Bulgaria: The second Bulgarian empire: …in 1330 when Tsar Mikhail Shishman was defeated and slain by the Serbs at the Battle of Velbuzhd (modern Kyustendil). Bulgaria lost its Macedonian lands to the Serbian empire of Stefan Du?an, which then became the dominant Balkan power for the next four decades. Bulgaria appeared to be on the…

  • Shishman, Ivan (tsar of Bulgaria)

    Bulgaria: Ottoman rule: Although Ivan Shishman, Bulgaria’s last medieval tsar, declared himself a vassal of Murad in 1371, the Ottomans continued to seek complete domination. Sofia, in the west, was seized in 1382, and Shumen, in the east, fell in 1388. A year later the defeat of the Serbs…

  • Shishman, Mikhail (tsar of Bulgaria)

    Bulgaria: The second Bulgarian empire: …nadir in 1330 when Tsar Mikhail Shishman was defeated and slain by the Serbs at the Battle of Velbuzhd (modern Kyustendil). Bulgaria lost its Macedonian lands to the Serbian empire of Stefan Du?an, which then became the dominant Balkan power for the next four decades. Bulgaria appeared to be on…

  • Shishuo xinyu (work compiled by Liu Yiqing)

    Chinese literature: Prose: …5th-century collection of anecdotes titled Shishuo xinyu (“A New Account of Tales of the World”) by Liu Yiqing. Though prose writers as a whole continued to be most concerned with lyrical expression and rhetorical devices for artistic effect, there were notable deviations from the prevailing usage in the polyphonic pianwen…

  • Shishupalavadha (work by Magha)

    Magha: …whose only recorded work is Shishupalavadha (“The Slaying of King Shishupala”), an influential mahakavya (“great poem”), a type of classical epic that consists of a variable number of comparatively short cantos. Magha is a master of technique in the strict Sanskrit sense of luscious descriptions; intricate syntax; compounds that, depending…

  • Shisui (Japanese artist)

    Ogata Kenzan, Japanese potter and painter, brother to the artist Ogata Kōrin. He signed himself Kenzan, Shisui, Tōin, Shōkosai, Shuseidō, or Shinshō. Kenzan received a classical Chinese and Japanese education and pursued Zen Buddhism. At the age of 27 he began studying with the potter Ninsei and in

  • Shisunaga (Shaishunaga ruler)

    Shaishunaga dynasty: Shisunaga, or Susunaga, the founder, was of obscure origin and may have initially served as Magadhan viceroy at Kashi (Varanasi). Gradually he came to be associated with the early Magadhan capital Girivraja, or Rajgir, and reestablished the city of Vaishali in north Bihar. Shishunaga’s reign, like that…

  • shitagasane (Japanese dress)

    sokutai: …hō is the white damask shitagasane, which has a back panel forming a 12-foot (3.7-metre) train. The cap-shaped headdress (kammuri), of black lacquered silk, has an upright pennon decorated with the imperial chrysanthemum crest. When wearing the sokutai, the emperor carries an ivory tablet (shaku), undoubtedly inspired by jade tablets…

  • Shitala (Indian goddess)

    Shitala, (Hindi: “She Who Is Cool”) Indian goddess of smallpox and of other infectious diseases. She is worshipped under this name throughout the regions of South Asia in which Indo-Aryan languages are spoken. In India she is widely worshipped in the rural areas of West Bengal state. In much of

  • Shitao (Chinese painter)

    Shitao, Chinese painter and theoretician who was, with Zhu Da, one of the most famous of the Individualist painters in the early Qing period. Like Zhu, Shitao was of the formerly imperial Ming line and became a Buddhist monk; but unlike Zhu he seems to have led a life typical of his class and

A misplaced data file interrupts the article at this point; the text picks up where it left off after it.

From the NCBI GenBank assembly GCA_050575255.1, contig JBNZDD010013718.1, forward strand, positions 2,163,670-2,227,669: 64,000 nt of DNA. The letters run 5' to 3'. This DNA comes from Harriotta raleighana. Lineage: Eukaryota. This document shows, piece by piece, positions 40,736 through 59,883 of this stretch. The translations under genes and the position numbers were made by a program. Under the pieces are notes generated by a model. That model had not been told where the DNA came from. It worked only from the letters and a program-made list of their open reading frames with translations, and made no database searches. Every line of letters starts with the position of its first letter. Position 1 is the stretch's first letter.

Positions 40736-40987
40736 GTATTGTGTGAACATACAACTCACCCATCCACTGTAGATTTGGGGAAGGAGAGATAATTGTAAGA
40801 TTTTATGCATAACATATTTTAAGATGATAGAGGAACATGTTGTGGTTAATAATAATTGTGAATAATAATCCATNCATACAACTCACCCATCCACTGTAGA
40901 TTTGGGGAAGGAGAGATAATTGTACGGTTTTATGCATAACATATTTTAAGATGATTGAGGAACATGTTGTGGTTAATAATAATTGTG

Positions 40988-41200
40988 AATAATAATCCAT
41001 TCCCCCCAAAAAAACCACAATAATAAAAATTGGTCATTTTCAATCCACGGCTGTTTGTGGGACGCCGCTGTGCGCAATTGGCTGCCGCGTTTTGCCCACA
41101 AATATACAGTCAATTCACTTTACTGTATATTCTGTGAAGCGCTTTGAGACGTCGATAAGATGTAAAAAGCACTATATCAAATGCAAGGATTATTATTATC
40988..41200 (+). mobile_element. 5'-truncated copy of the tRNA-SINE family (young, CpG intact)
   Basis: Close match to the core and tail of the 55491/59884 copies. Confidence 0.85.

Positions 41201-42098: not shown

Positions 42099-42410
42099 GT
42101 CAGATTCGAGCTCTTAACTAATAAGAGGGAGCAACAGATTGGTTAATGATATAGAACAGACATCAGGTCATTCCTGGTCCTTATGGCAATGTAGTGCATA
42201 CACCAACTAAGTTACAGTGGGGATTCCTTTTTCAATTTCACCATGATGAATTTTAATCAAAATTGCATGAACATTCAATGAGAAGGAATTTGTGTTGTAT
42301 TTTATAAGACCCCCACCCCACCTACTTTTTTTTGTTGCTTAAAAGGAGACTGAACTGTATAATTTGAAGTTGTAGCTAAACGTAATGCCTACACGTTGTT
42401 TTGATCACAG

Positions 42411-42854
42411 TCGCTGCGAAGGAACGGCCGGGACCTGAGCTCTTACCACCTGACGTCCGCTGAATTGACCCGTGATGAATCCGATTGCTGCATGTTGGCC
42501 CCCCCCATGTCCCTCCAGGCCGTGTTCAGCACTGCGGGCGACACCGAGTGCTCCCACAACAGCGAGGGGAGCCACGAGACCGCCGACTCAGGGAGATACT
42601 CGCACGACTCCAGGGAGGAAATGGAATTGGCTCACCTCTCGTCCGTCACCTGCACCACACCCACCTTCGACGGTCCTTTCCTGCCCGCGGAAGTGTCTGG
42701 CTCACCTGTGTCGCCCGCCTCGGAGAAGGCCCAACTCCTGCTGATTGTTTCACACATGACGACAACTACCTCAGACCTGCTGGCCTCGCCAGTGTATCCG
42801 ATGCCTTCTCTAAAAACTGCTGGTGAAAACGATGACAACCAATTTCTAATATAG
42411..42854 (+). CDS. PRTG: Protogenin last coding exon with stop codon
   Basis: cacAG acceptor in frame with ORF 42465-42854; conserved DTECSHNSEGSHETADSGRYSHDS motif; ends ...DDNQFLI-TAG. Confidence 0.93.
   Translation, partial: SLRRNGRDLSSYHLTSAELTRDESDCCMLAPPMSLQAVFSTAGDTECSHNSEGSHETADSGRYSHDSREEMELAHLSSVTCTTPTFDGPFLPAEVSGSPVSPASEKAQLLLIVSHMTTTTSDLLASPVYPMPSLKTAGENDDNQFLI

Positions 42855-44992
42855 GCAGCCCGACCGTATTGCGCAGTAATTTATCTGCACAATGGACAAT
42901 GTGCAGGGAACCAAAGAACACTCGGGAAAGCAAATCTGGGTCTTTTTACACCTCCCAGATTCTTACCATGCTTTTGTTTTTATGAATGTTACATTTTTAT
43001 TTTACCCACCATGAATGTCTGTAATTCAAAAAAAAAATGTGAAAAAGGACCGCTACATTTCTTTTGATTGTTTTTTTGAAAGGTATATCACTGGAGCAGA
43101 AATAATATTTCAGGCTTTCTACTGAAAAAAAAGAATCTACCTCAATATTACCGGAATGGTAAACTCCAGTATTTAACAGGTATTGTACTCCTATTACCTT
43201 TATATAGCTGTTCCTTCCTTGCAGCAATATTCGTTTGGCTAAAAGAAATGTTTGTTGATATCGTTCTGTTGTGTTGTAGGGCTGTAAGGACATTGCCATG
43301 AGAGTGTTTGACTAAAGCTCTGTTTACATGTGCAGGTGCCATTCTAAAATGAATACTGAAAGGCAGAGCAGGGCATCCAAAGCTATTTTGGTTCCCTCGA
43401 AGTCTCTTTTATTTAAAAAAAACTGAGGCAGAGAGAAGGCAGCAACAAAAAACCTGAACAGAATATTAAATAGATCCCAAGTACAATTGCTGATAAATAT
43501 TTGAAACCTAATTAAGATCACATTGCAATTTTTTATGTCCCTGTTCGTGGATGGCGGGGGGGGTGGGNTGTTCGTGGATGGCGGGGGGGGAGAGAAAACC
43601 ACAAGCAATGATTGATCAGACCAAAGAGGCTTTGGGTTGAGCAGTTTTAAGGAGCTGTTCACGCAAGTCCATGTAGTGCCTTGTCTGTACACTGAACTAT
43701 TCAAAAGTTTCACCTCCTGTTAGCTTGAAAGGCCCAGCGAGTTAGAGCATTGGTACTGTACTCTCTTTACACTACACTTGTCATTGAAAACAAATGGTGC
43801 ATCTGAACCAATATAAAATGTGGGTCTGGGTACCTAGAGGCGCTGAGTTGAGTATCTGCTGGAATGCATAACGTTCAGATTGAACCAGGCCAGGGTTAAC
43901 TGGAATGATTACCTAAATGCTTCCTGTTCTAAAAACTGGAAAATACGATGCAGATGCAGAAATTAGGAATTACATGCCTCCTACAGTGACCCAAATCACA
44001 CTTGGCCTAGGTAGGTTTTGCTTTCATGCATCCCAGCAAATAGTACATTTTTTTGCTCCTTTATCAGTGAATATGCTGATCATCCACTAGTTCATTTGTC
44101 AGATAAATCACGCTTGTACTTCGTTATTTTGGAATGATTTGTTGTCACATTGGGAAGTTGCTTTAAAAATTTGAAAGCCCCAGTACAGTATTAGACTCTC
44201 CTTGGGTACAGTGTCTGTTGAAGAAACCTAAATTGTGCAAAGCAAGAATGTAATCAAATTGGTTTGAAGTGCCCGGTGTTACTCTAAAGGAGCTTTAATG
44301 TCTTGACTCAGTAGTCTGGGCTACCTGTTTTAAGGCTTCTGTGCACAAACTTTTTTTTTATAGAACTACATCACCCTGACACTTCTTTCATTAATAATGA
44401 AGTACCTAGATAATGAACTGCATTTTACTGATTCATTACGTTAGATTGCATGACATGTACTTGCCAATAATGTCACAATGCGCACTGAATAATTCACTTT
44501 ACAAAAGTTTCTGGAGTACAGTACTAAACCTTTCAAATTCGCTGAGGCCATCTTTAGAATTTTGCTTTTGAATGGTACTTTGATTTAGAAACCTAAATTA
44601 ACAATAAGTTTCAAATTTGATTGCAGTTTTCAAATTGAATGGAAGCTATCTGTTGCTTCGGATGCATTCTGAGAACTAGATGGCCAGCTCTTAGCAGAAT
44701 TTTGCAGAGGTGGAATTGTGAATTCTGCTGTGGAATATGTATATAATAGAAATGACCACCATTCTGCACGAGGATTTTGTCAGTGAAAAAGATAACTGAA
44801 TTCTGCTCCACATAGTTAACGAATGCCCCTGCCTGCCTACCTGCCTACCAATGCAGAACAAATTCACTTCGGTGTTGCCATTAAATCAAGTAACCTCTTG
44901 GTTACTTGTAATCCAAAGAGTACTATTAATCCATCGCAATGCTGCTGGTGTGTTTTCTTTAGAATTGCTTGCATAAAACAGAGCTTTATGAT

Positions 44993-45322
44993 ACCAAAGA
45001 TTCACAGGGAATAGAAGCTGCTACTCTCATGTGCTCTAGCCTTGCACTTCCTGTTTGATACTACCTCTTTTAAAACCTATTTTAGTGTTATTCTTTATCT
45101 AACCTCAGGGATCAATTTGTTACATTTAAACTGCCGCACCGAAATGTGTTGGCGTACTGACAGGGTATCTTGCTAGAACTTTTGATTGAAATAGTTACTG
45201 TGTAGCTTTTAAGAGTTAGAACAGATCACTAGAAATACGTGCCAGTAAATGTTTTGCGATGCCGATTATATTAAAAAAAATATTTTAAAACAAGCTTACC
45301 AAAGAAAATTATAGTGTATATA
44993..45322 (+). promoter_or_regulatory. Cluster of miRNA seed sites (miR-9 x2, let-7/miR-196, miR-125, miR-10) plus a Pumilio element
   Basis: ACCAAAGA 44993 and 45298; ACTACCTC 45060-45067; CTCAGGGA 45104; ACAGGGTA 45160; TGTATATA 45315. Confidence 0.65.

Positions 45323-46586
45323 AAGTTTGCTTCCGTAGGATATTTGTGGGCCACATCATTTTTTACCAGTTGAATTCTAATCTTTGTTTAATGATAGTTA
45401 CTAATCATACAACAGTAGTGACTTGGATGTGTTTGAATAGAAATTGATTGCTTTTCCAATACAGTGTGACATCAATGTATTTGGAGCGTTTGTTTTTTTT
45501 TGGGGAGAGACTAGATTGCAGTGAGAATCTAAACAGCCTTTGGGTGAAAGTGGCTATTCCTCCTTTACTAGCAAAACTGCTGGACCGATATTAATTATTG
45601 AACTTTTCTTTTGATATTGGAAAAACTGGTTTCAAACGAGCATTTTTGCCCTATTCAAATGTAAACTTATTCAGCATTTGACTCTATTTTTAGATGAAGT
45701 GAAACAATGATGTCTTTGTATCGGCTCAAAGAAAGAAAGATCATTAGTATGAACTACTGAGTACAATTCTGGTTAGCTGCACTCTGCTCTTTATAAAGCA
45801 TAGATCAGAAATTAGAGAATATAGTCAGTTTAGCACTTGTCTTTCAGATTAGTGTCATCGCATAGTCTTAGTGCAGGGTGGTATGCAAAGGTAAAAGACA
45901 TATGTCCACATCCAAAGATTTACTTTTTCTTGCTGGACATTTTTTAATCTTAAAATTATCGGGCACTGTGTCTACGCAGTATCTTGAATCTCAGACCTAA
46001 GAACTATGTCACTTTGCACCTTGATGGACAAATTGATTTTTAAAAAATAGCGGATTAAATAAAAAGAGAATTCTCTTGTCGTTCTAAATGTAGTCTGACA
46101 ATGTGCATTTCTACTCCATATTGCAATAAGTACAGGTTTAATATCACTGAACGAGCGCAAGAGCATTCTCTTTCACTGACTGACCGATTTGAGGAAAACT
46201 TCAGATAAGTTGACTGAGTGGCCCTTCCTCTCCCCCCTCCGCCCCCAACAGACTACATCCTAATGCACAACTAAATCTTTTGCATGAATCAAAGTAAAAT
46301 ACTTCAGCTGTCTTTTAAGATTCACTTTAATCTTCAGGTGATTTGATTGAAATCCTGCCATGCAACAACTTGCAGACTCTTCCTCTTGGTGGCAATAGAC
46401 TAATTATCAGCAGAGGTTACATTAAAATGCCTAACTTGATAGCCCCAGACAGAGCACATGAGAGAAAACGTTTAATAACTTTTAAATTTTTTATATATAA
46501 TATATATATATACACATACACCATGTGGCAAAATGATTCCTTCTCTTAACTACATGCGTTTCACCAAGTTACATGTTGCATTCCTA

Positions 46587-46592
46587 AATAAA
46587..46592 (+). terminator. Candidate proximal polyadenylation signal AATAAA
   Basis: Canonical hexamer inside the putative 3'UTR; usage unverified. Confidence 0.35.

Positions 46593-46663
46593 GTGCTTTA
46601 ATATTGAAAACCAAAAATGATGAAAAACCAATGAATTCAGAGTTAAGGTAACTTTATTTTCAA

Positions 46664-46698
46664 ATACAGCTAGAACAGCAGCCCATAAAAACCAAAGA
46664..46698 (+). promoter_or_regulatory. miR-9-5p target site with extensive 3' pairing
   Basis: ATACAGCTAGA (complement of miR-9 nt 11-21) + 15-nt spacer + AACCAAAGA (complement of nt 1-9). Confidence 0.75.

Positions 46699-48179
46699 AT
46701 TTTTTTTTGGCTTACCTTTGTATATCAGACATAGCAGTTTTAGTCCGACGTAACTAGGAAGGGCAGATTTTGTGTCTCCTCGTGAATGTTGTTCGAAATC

• shite (Japanese theatre)

    Japanese performing arts: 7th to 16th centuries: …not by the chief (shite) or supporting (waki) actors of Noh but by kyōgen actors, who also acted the roles of villagers or fishermen in Noh plays. The antecedents of kyōgen cannot be described with certainty, but it is probable that kyōgen’s short sketches of master-servant quarrels, husband-wife arguments,…

  • shitei toshi (Japanese government)

    Japan: Local government: …be given the status of shitei toshi (designated city). Designated cities are divided into ku (wards), each of which has a chief and an assembly, the former being nominated by the mayor and the latter elected by the residents. The number of these cities has steadily increased since the first…

  • Shitian (Chinese painter)

    Shen Zhou, Chinese artist who was a leading member of a group of scholar-artists later known as the Wu school (after Wu district). Shen was born to an honoured and secure family and enjoyed a long life involved in the learned arts of poetry, painting, and calligraphy. His many paintings reveal an

  • Shitong (work by Liu Zhiji)

    historiography: China: …Zhiji (661–721) had produced the Shitong (“Historical Perspectives”), the first comprehensive work on historical criticism in any language. For him, the writing of history had an exalted—and very Confucian—mission:

  • shittamwood (plant)

    Sideroxylon: lanuginosa, variously known as chittamwood, shittamwood, gum elastic, and false buckthorn, is sometimes cultivated as an ornamental. It grows to about 15 metres (50 feet) tall. The leaves are 3.75–10 cm (1.5–4 inches) long, are dark lustrous green above and rusty beneath, and persist until late in the fall.…

  • Shittim (religion)

    covenant: Post-Sinai covenants: …held a covenant ceremony at Shittim (northeast of the Dead Sea), which has been greatly elaborated upon in tradition as the “second giving of the Law,” Deuteronomy. Though it is true that the Book of Deuteronomy from the 7th century bce exhibits the same basic structure as that of the…

  • Shiu-Lan Jin, Deborah (American atomic physicist)

    Deborah Jin, (Deborah Shiu-Lan Jin), American atomic physicist (born Nov. 15, 1968, Stanford, Calif.—died Sept. 15, 2016, Boulder, Colo.), did groundbreaking work in the study of gases of strongly interacting atoms at temperatures near absolute zero (?273.15 °C, or ?459.67 °F). In 2003 Jin created